Friday, 19 October 2012

COP 11 biological diversity: India's rivers are dying with decreased discharge into the sea

By Syed Akbar
Hyderabad:  India’s rivers are dying with decreased discharge
into the sea. The reduced outflows into the sea have led to untold
damage to the fragile ecology and biodiversity of the Indian river
systems.

Environment experts attending the 11th Conference of Parties (COP) to
the United Nations Convention on Biological Diversity warn that India
will lose its mega biodiversity tag if the river systems were not
restored immediately.

Himanshu Thakkar and Parineeta Dandekar of the South Asia Network on
Dams, Rivers and People and other activists point out that dams, both
big and small, had upset the life forms living in the fresh water
ecology. They quote the Central Marine Fisheries Research Institute,
which says that there is 30 per cent reduction in nutrients reaching
the sea in the last 50 years. And this is attributed to the
obstruction of free flow of rivers in the form of dams.

“India is considered a mega diverse country in the context of
freshwater biodiversity. New freshwater species continue to be
discovered at a rapid rate. Also, millions of people depend on the
riverine biodiversity and rivers for their needs and livelihoods.
Hundreds of community conserved fish reserves exist across the
country,” they said adding that this riverine ecology is fast eroding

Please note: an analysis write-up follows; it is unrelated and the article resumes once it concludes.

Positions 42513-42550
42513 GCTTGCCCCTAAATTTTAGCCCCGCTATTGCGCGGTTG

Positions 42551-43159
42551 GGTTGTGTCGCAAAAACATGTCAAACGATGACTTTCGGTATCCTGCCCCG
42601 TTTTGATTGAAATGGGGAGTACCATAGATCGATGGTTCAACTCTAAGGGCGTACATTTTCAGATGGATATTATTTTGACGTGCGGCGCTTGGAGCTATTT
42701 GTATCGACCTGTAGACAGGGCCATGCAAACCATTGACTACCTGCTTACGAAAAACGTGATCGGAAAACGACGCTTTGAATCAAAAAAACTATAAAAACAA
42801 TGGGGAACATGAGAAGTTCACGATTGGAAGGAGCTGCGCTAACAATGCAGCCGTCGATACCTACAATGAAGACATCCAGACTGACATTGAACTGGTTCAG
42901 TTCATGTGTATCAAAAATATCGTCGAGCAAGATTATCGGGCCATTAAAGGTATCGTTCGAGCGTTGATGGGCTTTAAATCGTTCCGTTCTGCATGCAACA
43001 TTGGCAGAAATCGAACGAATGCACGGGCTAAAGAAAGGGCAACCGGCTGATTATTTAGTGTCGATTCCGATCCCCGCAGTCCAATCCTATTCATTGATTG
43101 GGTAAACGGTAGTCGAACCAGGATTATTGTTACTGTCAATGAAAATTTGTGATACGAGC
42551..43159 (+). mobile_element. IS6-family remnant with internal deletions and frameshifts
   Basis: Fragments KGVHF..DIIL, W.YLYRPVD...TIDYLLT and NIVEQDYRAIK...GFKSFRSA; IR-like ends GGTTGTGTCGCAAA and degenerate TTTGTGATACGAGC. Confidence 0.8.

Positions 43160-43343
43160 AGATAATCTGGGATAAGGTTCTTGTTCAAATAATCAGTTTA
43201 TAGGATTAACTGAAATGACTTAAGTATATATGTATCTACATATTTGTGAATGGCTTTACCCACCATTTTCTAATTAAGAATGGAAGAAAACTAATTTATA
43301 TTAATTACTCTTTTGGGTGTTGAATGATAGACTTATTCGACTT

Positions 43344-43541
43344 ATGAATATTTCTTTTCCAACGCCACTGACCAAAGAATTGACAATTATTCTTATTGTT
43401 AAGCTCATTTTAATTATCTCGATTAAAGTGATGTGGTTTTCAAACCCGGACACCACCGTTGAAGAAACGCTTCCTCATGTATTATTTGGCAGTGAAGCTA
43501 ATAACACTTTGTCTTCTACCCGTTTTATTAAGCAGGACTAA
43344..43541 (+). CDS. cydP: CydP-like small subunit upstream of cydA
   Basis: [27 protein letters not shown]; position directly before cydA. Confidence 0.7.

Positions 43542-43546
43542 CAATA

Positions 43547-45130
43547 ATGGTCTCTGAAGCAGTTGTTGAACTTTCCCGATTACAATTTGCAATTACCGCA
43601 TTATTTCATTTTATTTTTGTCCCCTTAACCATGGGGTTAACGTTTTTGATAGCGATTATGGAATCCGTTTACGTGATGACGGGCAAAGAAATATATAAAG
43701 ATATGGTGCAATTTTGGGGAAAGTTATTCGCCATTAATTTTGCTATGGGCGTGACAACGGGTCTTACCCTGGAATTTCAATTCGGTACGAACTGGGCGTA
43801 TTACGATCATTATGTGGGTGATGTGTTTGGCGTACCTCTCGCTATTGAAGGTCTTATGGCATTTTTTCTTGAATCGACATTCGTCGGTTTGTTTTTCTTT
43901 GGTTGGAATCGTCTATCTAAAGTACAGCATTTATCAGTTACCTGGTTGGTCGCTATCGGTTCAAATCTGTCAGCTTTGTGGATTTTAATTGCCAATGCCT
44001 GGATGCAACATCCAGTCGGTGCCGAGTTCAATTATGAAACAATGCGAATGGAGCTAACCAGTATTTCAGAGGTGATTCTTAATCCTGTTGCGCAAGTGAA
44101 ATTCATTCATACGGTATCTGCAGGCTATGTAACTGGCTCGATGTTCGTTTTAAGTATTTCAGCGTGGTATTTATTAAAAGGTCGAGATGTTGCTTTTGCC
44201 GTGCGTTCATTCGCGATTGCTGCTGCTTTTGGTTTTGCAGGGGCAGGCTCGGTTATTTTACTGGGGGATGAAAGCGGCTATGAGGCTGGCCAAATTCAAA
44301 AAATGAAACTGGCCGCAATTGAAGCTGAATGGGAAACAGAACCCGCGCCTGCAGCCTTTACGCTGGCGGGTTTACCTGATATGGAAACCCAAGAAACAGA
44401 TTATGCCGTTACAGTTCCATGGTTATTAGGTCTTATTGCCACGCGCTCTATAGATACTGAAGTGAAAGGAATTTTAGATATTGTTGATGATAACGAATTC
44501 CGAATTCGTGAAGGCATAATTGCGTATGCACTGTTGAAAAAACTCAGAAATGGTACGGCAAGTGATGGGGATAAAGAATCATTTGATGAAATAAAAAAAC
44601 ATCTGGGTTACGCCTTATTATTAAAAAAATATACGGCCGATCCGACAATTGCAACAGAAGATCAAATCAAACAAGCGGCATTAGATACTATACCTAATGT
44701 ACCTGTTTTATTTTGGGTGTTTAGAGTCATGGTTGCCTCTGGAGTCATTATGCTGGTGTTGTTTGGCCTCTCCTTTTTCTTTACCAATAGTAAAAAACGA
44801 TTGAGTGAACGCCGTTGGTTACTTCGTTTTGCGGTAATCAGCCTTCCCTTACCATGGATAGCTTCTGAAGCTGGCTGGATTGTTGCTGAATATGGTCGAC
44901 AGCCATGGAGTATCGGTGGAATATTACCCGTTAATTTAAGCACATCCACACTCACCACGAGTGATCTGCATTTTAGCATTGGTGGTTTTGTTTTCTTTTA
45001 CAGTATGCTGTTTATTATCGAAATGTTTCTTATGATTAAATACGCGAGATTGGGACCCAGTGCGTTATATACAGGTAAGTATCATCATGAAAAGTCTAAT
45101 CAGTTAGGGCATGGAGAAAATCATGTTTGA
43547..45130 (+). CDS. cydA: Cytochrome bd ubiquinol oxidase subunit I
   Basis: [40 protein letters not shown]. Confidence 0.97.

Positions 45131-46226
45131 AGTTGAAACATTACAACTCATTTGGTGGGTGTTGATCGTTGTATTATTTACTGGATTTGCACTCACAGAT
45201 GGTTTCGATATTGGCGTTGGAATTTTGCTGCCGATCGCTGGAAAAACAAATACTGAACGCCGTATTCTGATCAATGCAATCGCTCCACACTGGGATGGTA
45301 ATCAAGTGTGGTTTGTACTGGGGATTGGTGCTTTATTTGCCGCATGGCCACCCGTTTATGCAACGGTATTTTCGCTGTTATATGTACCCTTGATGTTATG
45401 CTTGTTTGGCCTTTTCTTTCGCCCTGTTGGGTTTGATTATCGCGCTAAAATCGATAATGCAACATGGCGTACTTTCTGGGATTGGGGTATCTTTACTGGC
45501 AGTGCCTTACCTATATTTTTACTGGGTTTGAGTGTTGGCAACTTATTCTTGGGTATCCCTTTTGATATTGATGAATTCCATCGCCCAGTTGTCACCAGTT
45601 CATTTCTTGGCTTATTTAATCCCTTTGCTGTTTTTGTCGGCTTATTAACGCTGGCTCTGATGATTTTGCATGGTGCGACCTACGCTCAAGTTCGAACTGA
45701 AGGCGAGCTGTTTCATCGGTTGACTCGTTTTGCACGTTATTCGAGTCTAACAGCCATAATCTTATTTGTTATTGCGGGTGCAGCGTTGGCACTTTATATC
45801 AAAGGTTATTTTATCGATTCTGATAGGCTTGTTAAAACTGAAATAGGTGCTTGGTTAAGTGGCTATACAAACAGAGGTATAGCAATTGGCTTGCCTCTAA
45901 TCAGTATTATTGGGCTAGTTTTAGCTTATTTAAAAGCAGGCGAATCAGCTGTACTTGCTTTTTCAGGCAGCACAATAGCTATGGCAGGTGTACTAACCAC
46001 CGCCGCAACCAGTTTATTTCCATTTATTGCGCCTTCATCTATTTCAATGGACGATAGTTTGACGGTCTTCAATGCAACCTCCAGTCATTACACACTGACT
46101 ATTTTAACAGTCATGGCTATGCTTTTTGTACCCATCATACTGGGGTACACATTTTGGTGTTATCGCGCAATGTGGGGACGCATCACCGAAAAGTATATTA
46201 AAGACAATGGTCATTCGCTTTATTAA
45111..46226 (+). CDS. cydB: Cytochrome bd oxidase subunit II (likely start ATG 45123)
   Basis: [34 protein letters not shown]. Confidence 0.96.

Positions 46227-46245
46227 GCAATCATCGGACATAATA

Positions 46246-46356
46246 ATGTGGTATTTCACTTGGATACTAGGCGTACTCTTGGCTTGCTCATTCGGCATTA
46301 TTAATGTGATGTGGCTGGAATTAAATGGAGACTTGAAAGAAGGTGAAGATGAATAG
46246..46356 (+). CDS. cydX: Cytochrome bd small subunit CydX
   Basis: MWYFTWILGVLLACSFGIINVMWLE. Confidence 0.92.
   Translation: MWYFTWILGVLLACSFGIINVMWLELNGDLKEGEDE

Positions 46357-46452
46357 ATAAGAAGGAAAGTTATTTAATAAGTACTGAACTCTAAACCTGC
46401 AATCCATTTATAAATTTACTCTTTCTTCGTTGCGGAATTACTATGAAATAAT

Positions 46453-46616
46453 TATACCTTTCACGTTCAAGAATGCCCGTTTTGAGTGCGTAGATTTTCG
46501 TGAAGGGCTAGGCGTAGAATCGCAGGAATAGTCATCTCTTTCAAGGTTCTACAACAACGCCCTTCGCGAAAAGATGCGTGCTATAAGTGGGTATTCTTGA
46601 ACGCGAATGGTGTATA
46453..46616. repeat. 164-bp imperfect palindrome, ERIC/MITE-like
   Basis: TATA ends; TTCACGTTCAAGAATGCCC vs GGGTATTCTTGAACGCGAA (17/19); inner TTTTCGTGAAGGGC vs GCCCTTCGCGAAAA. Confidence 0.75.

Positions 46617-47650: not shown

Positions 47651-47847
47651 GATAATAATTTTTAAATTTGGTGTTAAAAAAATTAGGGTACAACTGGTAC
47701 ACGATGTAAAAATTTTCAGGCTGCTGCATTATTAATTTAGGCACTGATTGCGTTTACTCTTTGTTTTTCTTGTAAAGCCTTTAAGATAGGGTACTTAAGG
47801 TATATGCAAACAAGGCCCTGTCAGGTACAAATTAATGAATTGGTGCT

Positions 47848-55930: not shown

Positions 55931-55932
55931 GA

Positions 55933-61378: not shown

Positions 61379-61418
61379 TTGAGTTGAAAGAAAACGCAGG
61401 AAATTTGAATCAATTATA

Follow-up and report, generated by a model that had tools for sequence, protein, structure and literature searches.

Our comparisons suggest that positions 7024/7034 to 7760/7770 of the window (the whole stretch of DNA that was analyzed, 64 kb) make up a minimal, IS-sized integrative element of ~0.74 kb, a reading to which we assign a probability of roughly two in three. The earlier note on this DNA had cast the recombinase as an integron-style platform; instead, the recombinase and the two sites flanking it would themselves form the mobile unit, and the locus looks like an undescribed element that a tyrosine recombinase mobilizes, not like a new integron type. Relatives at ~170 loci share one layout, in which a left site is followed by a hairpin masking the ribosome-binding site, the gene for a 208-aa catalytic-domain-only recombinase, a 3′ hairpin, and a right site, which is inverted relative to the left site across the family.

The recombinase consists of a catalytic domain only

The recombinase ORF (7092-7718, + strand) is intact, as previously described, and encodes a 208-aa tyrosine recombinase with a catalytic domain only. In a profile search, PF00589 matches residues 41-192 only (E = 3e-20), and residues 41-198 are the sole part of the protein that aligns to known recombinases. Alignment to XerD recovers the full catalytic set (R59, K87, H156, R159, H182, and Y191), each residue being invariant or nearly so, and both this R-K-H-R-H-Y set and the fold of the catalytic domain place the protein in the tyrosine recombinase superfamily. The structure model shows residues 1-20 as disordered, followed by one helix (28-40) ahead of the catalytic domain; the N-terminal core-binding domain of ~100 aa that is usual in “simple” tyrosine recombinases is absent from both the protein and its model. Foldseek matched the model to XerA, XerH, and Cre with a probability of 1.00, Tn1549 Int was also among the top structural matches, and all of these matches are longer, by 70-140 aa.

now.

Hundreds of small and mega dams are being built or proposed to be
built on nearly all rivers, blocking their free flow, tunneling their
waters almost through the entire length. It is destroying the fresh
water diversity, they said adding that the threats from hydropower
projects are so serious that “free flowing, biodiversity rich rivers
are today India’s most threatened species”.


“None of the conservation laws have been of much help for rivers and
related biodiversity. There has not been any credible
enviro-socio-cultural impact assessment of hydro-projects, considering
riverine biodiversity,” they pointed out.

Most of those impacted upstream and downstream, particularly if not in
direct submergence zone, are not even considered as areas affected or
project affected for compensation or rehabilitation, leave aside
participatory decision making or benefit sharing.

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